In the context of the current viral pandemic, we look with fresh intensity at figurations of the invalid and of disease and disability in James’s fictional and non-fictional writing. With an eye to the cultural and political aspects of public health measures aimed at managing the spread of an infectious pathogen, we ask in particular about the relation in James’s work of sickness, subjectivity and society. How do James’s texts relate social experience to bodily ill-health or impairment? Does James position the invalid as a figure indicative of dysfunction in the larger social body, or suggest, in contrast, that illness or disability may be associated with an excess of social contact, a failure of ‘social distancing’?
Children appear in James’s fiction in many different kinds of roles, from the annoying little brother in Daisy Miller to the impressionable girl of What Maisie Knew. He also wrote extensively about his own childhood and those of his siblings. None of these writings are, however, for child readers, unlike the work of Lewis Carroll or Robert Louis Stevenson or Mark Twain or Louisa May Alcott. What opportunities does James find in his representations of children? How does the development of his late style affect these possibilities? These topics are suggestions, but other approaches to the subject are invited.
How do race, racism, and anti-racism operate among US transcendentalists? What alternative vocabularies and theoretical models have their Black contemporaries and later Black thinkers created? We invite proposals that challenge or reform the legacies of transcendentalism. Potential topics (others are welcome):
- constructions of race
- systemic racism
- Black intellectual/aesthetic traditions
- Black writers/speakers
- queer/trans of color critiques
- conversation as method
- critiques and revisionist readings of "transcendentalism"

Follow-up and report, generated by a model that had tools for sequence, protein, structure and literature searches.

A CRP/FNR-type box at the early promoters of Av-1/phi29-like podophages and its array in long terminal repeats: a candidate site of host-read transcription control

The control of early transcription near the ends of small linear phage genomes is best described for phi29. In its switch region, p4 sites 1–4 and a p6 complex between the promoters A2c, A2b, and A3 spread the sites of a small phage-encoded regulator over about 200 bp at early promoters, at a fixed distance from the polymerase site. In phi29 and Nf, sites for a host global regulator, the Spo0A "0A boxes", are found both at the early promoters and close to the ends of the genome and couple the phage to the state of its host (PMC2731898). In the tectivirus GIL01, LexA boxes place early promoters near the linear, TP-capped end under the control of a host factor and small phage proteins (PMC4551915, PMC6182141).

Away from the Centre: Conceptualising the Regional and Rural (1850-1950)
Monday 10th May 2021 (online)
Popular Culture Association - Online Conference - June 2-5, 2021 Call for Papers - deadline - February 28, 2021.
PCA 2021 is fully online - share your research, exchange ideas with colleagues -- all from the comfort of your own home office -- it will be like what you’ve been doing all year except with new people!
Information about how to submit a proposal can be found here:
SOAP OPERA AND SERIALIZED STORYTELLING
Ordinary Oralities: Everyday Voices in History
Edited by Josephine Hoegaerts and Jan Schroeder
Henry James scholarship has hesitated to engage with the challenges and opportunities presented by the rich and proliferating constellation of thought that is Trans Studies. How might the question of transgender revise, reinvigorate or transform our understanding of James’s writing, and / or of James as a biographical subject?
We welcome proposals addressing any aspect of the topic. Possible approaches might include:
- Transgender subjects in James’s fictional worlds and nonfiction texts
- Transgender and subjectless queer critique
- Sex, gender, and narration
- Transgender and sexuality
- Transgender and sibling relationships
For a special double issue to be published in March, 2022.
Papers addressing the plurality of religious cultures in the nineteenth century, including not only Catholicism, Anglicanism, Protestantism, and Judaism, but also Buddhism, Hermeticism, Native American Religions, Theosophy, Unitarianism, the LDS Church, African-American religion, Eastern and Oriental Orthodoxy, Shakerism, etc., competing and overlapping in nineteenth-century contexts. Papers are welcome in all the arts; incuding literature, painting, sculpture, architecture, liturgy, the textile arts, the decorative arts, music, and dance.
Illustrations, both color and black-and-white, are encouraged.
CFP: Medievalism in Popular Culture
PCA/ACA 2021 National Conference
Jun 2nd – 5th – VIRTUAL
The Medievalism in Popular Culture Area (including Early to Later Middle Ages, Robin Hood, Arthurian, Chaucer, Norse, and other materials connected to medieval studies) accepts papers on all topics that explore either popular culture during the Middle Ages or transcribe some aspect of the Middle Ages into the popular culture of later periods. These representations can occur in any genre, including film, television, novels, graphic novels, gaming, advertising, art, etc. For this year’s conference, I would like to encourage submissions on some of the following topics: